Soaring cooking oil prices is currently a hot topic for any company involved in mass producing fried foods. Drought-affected harvests and the demand for raw materials from biodiesel plants – combined with Indonesia’s ban on palm oil exports and the war in Ukraine, among other factors – have exacerbated an already difficult situation, meaning pressure on food processors is growing.
The JBT Stein M-Fryer offers a solution. Using up to 25% less cooking oil in the tank compared with competitor systems, the M-Fryer offers a low consumption solution, which at the same time has been developed to prolong oil quality through gentle heating and sediment removal.
In fact, the M-Fryer will help customers make significant savings on cooking oil, while at the same time generating far less waste by avoiding the all-too-typical production cycle of large volumes of oil having to be thrown away due to spoilage.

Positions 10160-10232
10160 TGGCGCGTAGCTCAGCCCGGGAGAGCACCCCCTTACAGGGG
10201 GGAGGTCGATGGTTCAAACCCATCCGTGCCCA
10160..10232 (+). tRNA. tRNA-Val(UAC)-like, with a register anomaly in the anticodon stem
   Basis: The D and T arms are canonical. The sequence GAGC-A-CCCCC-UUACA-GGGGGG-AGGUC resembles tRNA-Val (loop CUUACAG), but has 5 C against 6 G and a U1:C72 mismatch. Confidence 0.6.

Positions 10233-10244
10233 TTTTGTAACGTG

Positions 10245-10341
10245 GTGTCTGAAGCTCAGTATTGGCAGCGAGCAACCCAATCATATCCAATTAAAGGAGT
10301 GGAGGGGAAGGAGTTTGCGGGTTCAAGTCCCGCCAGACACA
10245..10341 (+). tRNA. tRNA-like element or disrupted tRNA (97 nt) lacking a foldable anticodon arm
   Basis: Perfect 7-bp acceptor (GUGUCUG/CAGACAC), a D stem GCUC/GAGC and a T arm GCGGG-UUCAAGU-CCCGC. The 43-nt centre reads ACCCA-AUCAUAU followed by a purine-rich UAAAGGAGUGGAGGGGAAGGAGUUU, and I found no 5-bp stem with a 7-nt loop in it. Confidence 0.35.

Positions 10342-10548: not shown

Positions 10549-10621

No excess oil
“Due to the technology we use in our fryers, the way they are built, and the type of heat exchanger they have, the M-Fryer is able to have up to 25% less oil in the kettle than other competitors,” explains JBT Regional Solutions Manager Marcelo Scharlack.
“Having less oil means a quicker oil turnover and less oil waste. Excess oil will eventually spoil and has to be thrown away. And now the world is suffering a shortage of oil: Indonesia is shutting down palm oil exports, the war in Ukraine is not helping among other reasons, so oil prices are easily in the realm of €4 a litre and beyond. That’s hitting companies hard that use oil for frying.”
A key element of the M-Fryer is its design. A reduced tank volume means a smaller volume of oil is needed to fulfill the job – without prolonging process times. Meanwhile, the design of the heat exchanger, oil circulation, internal filters and sediment removal all serve to keep the oil quality better for a longer period of time.
“ We keep volumes low and the heat exchanging very gentle,” adds Scharlack. “Having up to 25% less oil will help companies make savings especially as prices for cooking oil are now so high.”